"Sideline tests are by and large pretty good," Dr. Smith told me, recalling his "my dog could detect a concussion" joke. "Besides, you should be somewhat conservative. If someone looks like they got 'dinged' then you wouldn't send them back in anyways. A positive blood test really shouldn't change your decision on the fact that they look like they took a big hit."
This isn't to say blood biomarkers are useless; far from it. Most obviously, they could prove useful on the back end of return-to-play decision making. Currently, the NFL puts its players through a concussion protocol that gradually elevates their cognitive and physical strains until they're ready to play. This is a process that truly does involve subjectivity. Much of it is reliant on players reporting their mental and physical wellness, which appears to be a severely flawed system; a majority of players on the injury report for concussions don't miss a game. A blood test could alleviate much of this subjectivity.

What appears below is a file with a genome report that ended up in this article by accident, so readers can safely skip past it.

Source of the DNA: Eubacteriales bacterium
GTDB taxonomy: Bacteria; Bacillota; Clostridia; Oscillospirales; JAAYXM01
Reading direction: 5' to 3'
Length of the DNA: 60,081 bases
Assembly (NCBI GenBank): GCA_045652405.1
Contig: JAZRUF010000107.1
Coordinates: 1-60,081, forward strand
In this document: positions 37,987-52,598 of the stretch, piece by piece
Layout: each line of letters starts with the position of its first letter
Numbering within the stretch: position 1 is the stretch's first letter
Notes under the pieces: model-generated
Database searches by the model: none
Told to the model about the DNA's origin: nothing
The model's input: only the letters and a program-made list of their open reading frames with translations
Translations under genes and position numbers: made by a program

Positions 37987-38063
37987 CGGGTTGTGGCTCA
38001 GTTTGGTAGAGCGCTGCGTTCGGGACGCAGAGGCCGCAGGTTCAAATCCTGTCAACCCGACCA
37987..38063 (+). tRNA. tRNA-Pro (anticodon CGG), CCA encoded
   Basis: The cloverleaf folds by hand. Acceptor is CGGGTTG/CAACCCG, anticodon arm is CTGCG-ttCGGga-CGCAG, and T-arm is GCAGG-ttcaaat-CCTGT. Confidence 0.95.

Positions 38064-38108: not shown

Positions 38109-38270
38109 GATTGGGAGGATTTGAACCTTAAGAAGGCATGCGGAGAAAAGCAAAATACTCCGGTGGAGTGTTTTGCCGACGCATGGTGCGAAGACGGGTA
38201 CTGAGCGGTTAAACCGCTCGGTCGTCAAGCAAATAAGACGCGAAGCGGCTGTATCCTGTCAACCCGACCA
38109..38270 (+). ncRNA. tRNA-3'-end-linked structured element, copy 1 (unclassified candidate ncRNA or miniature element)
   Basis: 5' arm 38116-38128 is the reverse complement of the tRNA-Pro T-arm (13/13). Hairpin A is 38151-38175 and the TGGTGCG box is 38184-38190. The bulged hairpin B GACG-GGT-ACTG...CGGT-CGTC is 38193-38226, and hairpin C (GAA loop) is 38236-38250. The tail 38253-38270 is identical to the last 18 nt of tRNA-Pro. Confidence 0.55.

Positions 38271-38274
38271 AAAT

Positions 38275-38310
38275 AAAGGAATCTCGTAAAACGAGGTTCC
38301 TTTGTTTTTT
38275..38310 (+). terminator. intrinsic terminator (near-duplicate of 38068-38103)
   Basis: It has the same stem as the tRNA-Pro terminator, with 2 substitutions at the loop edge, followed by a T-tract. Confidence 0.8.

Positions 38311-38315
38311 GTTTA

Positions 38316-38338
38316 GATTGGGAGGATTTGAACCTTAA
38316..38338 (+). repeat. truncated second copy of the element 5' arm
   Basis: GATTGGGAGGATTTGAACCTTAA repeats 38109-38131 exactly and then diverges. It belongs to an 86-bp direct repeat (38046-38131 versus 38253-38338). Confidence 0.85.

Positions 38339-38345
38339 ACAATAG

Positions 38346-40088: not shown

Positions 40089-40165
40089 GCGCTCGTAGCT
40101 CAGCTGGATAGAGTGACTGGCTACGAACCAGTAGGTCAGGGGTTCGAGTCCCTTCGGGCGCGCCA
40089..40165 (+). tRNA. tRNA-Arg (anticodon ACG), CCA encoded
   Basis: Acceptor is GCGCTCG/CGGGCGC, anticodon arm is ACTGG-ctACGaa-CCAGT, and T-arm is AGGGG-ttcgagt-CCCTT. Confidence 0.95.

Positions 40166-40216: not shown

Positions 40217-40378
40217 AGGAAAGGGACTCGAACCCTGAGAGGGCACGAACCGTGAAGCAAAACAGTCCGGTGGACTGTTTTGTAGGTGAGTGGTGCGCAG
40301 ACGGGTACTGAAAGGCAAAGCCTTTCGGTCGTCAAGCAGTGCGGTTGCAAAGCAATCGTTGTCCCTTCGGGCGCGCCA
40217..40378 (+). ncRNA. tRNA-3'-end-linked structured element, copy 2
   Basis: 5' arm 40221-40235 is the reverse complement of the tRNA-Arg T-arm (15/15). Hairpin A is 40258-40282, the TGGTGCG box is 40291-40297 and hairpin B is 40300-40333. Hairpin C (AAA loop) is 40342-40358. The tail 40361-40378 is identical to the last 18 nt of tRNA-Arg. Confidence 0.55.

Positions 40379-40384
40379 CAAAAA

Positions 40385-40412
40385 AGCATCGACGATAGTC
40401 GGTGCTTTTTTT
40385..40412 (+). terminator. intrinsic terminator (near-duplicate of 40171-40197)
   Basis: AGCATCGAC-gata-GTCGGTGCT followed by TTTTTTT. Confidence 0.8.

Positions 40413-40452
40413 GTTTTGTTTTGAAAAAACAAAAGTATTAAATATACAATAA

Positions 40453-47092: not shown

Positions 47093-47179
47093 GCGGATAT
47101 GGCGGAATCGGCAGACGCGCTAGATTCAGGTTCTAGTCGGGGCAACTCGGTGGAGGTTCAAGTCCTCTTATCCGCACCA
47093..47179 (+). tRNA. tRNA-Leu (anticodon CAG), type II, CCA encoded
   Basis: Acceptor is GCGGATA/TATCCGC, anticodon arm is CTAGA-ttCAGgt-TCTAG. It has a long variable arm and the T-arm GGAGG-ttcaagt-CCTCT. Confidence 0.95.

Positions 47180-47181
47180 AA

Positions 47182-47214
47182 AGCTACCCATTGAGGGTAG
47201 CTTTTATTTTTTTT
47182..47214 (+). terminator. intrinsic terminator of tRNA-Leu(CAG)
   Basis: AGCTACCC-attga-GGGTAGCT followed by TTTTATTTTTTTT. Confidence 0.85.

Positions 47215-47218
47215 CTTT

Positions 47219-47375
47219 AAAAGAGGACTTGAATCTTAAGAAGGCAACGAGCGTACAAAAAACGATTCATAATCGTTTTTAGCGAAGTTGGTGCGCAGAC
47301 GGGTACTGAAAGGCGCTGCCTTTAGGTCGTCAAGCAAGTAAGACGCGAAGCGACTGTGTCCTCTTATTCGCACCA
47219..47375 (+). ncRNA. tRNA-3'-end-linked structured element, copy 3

Further, Hrusovsky hopes a blood test could help change the culture in football. "I have had many athletes tell me, pro level alumni from NFL, tell me, you know, if I get my bell rung and I don't go back in, I might get looked at as maybe not being tough. But if there's an objective test that tells me that my bell's been rung and I'm taking on a very serious health implication by continuing, maybe it has a shot at changing the culture of the game."